Taianfu, 泰安府,山东省,a city in Shantung Province, at the foot of Tai Shan(泰山), the sacred mountain.

alleys, very narrow streets.

shimmering, trembling, quivering, or faint, diffused light.

court, or courtyard, a space inclosed by walls or buildings; quadrangle.

cypresses, 柏树,straight, coniferous tree with shuttle-shaped mass of dark foliage. In the West, cypresses are usually associated with graves;in our country they grow in temples or around graves.

veranda, open portico or colonnade along the side of a house with roof supported on pillars.

T‘ang age, 唐朝,the golden age of Chinese literature and art, under the rule of the T‘ang dynasty (618-907).

the Sungs, 宋朝,a later dynasty (960-1126), note for its philosophers.

before the Christian era, before the birth of Jesus Christ; any time before Christ, B.C.

Chien Lung, 乾隆(1736-1796), perhaps the most illustrious of the emperors of the Ching dynasty (清朝,1644-1911). Chien Lung was a great patron of the arts; he himself wrote a vigorous calligraphy.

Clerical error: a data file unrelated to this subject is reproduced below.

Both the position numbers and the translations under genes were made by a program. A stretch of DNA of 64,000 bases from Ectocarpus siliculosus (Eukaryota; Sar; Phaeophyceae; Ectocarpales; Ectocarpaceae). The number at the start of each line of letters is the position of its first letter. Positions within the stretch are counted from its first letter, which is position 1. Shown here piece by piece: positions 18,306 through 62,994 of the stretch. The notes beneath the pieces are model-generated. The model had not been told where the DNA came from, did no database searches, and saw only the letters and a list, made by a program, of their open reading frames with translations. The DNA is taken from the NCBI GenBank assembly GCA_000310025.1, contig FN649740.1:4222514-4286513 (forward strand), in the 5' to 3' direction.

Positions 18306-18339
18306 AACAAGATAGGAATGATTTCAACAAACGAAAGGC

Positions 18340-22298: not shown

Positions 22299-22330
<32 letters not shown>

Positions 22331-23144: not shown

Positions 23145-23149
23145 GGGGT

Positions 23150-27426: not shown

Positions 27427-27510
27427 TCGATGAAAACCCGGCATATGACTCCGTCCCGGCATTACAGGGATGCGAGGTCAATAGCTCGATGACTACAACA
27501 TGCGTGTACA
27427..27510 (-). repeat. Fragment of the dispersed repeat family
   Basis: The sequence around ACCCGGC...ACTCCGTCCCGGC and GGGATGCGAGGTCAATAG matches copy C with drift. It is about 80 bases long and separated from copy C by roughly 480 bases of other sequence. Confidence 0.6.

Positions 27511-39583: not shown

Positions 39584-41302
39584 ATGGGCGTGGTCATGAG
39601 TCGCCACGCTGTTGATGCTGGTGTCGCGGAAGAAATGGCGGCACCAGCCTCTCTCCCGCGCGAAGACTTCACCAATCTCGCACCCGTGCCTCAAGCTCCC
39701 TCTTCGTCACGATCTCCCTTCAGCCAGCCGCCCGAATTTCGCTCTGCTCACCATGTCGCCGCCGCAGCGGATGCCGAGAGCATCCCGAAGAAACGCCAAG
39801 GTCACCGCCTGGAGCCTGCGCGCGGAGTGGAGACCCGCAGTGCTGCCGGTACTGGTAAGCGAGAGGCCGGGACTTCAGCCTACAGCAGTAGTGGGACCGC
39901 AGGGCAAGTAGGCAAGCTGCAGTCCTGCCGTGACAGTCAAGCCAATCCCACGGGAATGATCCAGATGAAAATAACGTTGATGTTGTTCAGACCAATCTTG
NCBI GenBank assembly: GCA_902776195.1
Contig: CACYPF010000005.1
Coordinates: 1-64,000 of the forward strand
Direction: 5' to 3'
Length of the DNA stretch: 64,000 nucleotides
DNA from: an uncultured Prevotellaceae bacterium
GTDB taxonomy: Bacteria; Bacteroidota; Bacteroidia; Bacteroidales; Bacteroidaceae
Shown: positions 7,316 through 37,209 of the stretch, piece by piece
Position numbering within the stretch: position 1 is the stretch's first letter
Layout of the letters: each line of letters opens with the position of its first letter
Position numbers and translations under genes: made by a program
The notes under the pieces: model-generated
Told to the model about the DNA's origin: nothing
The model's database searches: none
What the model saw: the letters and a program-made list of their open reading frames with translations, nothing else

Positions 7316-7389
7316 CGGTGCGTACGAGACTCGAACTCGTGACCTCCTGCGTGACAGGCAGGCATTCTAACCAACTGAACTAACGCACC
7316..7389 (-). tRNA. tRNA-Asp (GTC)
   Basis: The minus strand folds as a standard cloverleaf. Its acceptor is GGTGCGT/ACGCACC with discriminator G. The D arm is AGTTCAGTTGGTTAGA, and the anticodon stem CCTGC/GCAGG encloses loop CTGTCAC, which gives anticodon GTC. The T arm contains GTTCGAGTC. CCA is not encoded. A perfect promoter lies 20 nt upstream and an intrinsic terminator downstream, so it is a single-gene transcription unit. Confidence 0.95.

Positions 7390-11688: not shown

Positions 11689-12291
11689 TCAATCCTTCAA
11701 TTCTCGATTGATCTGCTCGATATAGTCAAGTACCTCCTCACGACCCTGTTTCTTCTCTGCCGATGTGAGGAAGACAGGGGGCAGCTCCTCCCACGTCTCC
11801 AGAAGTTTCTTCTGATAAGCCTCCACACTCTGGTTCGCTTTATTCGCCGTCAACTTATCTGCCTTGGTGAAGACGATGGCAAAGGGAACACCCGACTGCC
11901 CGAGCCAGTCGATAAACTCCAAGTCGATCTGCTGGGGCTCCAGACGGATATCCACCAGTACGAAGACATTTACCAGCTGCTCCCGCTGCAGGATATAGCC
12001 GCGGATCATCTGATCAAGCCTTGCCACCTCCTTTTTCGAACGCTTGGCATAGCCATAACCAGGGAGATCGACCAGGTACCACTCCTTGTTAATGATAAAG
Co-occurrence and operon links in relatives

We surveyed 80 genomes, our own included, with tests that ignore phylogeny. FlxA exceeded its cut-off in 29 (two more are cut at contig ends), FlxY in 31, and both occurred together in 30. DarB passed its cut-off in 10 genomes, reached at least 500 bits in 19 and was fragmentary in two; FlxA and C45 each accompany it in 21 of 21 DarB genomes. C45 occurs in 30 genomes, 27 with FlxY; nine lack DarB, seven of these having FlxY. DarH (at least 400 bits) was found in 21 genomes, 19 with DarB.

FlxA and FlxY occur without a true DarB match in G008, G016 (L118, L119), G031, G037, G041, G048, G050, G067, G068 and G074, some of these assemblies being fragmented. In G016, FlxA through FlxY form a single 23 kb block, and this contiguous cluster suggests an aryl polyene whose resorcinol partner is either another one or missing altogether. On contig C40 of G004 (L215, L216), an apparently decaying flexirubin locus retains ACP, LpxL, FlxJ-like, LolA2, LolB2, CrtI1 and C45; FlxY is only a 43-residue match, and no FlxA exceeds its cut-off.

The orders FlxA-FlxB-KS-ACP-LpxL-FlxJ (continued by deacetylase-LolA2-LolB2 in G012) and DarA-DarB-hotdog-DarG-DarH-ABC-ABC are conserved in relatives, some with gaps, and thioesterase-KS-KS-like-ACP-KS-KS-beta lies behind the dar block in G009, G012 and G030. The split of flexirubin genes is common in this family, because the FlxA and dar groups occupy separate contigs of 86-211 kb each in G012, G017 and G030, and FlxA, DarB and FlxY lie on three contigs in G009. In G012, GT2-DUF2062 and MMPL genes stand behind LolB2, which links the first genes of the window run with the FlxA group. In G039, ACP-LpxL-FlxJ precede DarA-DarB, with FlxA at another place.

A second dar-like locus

legendary emperors, emperors who are famous or exist only in legends.

his native state, the province in which he was born, Shantung.

Chin Shih Huang, 秦始皇,the founder of the Chin dynasty (246-206 B.C.).

pilgrims, persons who journey to sacred places as an act of devotion.

detours, roundabout ways; roads that depart from and then rejoin the direct route.

bed of a stream, bottom of a stream; the ground over which a stream flows.

ravine, deep, narrow gorge; deep, narrow opening between hills; a depression in the ground worn out by running water, larger than a gully and smaller than a valley.

sinuously mounting, going upward in winding curves.

precipitous face, cliff or rock-face that is or looks so steep that one could fall headlong from top to bottom.

daunt, frighten into giving up his purpose.

to be chaired, to be carried in sedan chairs.

aspen, 摇白杨树,trees of the poplar family with tremulous leaves.

border, be a border or edge to.

significance of form, expressiveness of form; form that is very significant or expressive.

sanctity, sacredness or saintliness.

calligraphy, beautiful handwriting.

poems, metrical or beautiful sounding in themselves.

quickening spirit, spirit that animates or inspires.

prosaic, suitable for prose, which is commonplace or dull or unromantic as compared to poetry, so it is commonly assumed.

mandarins, formerly, Chinese offcials.

converse, chat or talk.

crowns, sits on the top of the mountain, just as a crown is on the head of the king.

Taoists, 道教徒,followers of one of the chief religious sects of our country.

disk, circular object.